We fell into sheep farming accidentally, when we volunteered to care for a neighbour’s flock in our empty barn, while he underwent surgery. In return, he gifted us a starter flock of female lambs. Since that day, we have not stopped learning. Our ‘starter’ lambs were a combination of British breeds (mostly Suffolk) and Dorper, a meat sheep. Over several generations, we have introduced Katahdin genetics  —  a breed known to reduce the impacts of parasites and, similar to the Dorper, also a ‘hair’ sheep raised for meat production. We have stayed with Katahdin because they grow quickly on pasture, they shed their winter wool every summer – without having to be sheared – and they maximize the use of our farms’ natural biodiversity.  

Experimental Agroecology 

The farm property is split between perennial hay fields and pasture  —  the latter in scrubby shape after decades of minimal grazing, mostly by deer and turkeys. We debated how best to tackle reinvigoration of the pastures, and released our flock into the scrubland while searching through the latest research. We were intrigued by the prospects of ‘silvopasture‘, the integration of livestock into a treed landscape, to the benefit of both.  


As it turns out, our Katahdin sheep are silvopasture specialists. They are not only great at turning forage into top quality, healthy meat (with no woolly flavour), they also prefer a mixed salad bar of grasses, forbs and tree leaves when grazing. This makes them a perfect complement on a property where old pasture land has been reverting to bush and tree cover. Rather than clearing these pastures, our task has been to create grazing areas within and beside pockets of bushes and trees with the leaves that they favour  —  some of which are higher in protein than alfalfa!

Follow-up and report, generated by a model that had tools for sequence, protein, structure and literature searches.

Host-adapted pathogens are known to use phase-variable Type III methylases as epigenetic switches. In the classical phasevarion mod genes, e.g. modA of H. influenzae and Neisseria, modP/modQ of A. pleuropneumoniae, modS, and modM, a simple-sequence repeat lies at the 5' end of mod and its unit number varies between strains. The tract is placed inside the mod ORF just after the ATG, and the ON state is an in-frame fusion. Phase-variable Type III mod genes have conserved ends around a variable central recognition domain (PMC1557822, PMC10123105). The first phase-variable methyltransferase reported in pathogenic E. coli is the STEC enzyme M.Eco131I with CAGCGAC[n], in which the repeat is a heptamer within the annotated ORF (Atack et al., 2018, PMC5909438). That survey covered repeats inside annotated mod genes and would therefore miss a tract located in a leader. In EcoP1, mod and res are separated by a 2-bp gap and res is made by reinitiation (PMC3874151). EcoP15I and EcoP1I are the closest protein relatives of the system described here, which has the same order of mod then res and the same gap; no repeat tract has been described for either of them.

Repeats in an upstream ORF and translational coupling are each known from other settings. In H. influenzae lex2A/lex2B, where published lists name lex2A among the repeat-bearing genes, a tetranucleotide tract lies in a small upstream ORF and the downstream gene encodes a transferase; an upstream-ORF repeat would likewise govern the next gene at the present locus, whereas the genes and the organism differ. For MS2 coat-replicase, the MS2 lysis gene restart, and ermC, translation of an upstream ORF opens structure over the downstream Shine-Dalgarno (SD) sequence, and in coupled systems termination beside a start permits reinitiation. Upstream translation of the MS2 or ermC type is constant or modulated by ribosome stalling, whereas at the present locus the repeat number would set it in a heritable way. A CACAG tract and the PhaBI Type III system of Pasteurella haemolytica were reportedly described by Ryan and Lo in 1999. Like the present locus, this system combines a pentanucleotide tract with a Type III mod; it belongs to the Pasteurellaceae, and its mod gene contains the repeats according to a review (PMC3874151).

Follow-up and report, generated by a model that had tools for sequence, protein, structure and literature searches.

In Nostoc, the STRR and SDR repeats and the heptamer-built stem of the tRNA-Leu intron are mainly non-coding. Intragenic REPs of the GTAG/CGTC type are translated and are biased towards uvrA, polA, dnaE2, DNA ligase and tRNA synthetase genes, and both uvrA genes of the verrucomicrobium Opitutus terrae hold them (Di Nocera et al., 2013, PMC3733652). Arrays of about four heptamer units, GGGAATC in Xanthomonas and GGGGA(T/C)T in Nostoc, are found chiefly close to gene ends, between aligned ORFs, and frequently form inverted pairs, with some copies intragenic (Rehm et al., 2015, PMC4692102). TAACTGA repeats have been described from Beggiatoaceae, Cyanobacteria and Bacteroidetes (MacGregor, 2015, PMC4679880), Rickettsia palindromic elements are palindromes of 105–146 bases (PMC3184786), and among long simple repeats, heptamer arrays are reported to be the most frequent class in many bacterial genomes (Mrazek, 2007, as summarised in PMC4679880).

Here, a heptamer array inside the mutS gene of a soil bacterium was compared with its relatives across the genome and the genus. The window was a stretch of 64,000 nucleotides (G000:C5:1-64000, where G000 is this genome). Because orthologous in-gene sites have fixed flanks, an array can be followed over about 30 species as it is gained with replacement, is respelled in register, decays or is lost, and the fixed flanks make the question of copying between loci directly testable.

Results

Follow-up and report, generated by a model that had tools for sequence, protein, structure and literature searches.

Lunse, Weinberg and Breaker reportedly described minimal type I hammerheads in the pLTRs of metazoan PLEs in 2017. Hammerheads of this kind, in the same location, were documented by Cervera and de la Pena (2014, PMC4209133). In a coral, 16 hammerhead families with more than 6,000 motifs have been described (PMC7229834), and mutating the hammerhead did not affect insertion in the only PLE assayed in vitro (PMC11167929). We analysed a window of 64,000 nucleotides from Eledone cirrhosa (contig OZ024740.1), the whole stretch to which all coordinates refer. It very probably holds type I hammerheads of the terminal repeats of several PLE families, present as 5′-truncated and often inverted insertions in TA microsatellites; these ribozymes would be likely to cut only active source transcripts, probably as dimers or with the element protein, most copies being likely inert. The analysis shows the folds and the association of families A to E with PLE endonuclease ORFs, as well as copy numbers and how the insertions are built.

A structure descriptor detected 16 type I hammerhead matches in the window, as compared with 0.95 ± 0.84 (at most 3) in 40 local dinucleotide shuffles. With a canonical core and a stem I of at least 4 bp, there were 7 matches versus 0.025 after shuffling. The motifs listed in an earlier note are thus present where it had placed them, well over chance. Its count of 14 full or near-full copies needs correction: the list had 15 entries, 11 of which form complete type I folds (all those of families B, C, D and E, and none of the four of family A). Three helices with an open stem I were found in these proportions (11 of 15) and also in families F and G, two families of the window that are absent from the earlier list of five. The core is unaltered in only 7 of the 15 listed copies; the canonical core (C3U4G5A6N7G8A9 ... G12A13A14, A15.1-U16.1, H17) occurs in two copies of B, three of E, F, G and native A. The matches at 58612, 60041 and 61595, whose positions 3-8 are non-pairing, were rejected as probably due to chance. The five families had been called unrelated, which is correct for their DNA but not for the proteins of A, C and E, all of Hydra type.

Resourceful Collaboration 

While we have years of experience with livestock, we have been helped along this new pathway by the resources, insights and advice of many shepherds. Our pathway requires that we also find ways to work with others, to share what resources we can, and assist with insights and advice where practical.  

We have worked with Just Food, Ecological Farmers Association of Ontario, and other farmers in the local chapter of the National Farmers Union to address some of our shared issues and protect shared interests  —  such as farmland preservation and land access. With land prices driven to absurd levels by speculators, farming is no longer a simple field to enter. In fact, even finding land to farm can be a challenge. We have worked with the incredible folks at the Just Food Community Farm, one of Ottawa’s hidden gems  —  a working farm providing opportunities for training and incubation of food production enterprises. 

We have also provided opportunities at our own farm, whether to WWOOFers or youth looking for farm experiences, local residents looking for shared space for food production, or new farmers looking for a succession pathway (https://www.findfarmland.ca/).  

Finally, we have sought out new and young farmers who are looking to take the first step down the mixed farming pathway—in order to provide them with a starter flock, and someone to talk to about their experiences. While mixed farming encourages integrity, and a low-impact, resilient style of farming, it is not a way to make quick money. But it is a way to continually challenge yourself to centre your life around core principles of balance and sufficiency.   


Phil Mount and Denise Bonin-Mount 


Osgoode ON  

Farming Philosophy from Flat Earth Farm
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One thought on “Farming Philosophy from Flat Earth Farm

  • March 29, 2024 at 8:13 am

    What a great introduction to Flat Earth Farm and its philosophy. It’s inspiring! I’m looking foward to a visit to the Sheep Dog Grill! Thanks, COG, for this and other farmer feature stories.